Common sense doesn't apply for some traders. In October, Spatafora started trading bitcoin, litecoin and ethereum to learn about the market and understand whether any of the coins were undervalued. Instead, he found that many of the investors exhibited irrational exuberance in believing the virtual currencies would never stop their climb in the market.

Consider setting stop orders after you buy. Did I really just wait to point #37 to commit a whole tip to stops?! They are super important for everything except maybe building a long position over time. A stop order will create a market order when a price is hit. This means stop orders are subject to slippage and fees, but this also means you can calculate your risk. As a very general rule of thumb, one might want to ladder stops when not at a computer to protect their investment. Sure, crypto markets are thin (low volume), and that means prices could dip and eat all your stops (super depressing when this happens). However, most of the time we don’t get very deep and temporary dips, and thus most of the time stops will work as intended and simply save your investment in the case of a downturn. I.e., use stops, but be careful and understand the risks.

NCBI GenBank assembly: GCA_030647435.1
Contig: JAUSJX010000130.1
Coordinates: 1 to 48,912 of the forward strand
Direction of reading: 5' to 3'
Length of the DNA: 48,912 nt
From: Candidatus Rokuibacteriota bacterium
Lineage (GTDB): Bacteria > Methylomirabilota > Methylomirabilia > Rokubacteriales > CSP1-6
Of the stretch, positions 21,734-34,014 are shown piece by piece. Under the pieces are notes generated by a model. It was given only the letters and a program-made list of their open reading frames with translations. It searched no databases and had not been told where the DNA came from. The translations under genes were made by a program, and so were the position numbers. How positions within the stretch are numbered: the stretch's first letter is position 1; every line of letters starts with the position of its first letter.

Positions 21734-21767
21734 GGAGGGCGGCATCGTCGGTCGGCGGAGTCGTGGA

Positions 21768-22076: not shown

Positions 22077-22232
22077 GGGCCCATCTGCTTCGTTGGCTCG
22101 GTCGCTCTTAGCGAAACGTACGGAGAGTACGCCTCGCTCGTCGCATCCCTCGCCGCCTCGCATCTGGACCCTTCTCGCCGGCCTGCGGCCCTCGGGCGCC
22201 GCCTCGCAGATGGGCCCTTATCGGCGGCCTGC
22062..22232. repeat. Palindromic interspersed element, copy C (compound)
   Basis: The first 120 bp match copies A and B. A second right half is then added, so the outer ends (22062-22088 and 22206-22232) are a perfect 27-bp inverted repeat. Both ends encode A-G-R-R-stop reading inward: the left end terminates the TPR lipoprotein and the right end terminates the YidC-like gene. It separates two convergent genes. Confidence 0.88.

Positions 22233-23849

For any significant investment in the space, I’m using the pick-and-shovel strategy to gain crypto exposure in the portfolio. Which “play” am I investing in? After much research and networking and grovelling, I’ve finally found a very good target which is ironically, a mining operation. I’ve been looking for an exchange play but haven’t found one yet…(so if any of you know of a solid one looking for funding, feel free to lob it my way :-))

Sometimes, it can be easier to enter a position than it is to exit that position. Certain exchanges are fairly illiquid: they don’t have enough buy orders to support easily selling off your cryptocurrency at a good price at any given moment. At other times, exchanges that usually have healthy liquidity might have really low trading volume — for instance, if you’re trading on a holiday or weekend.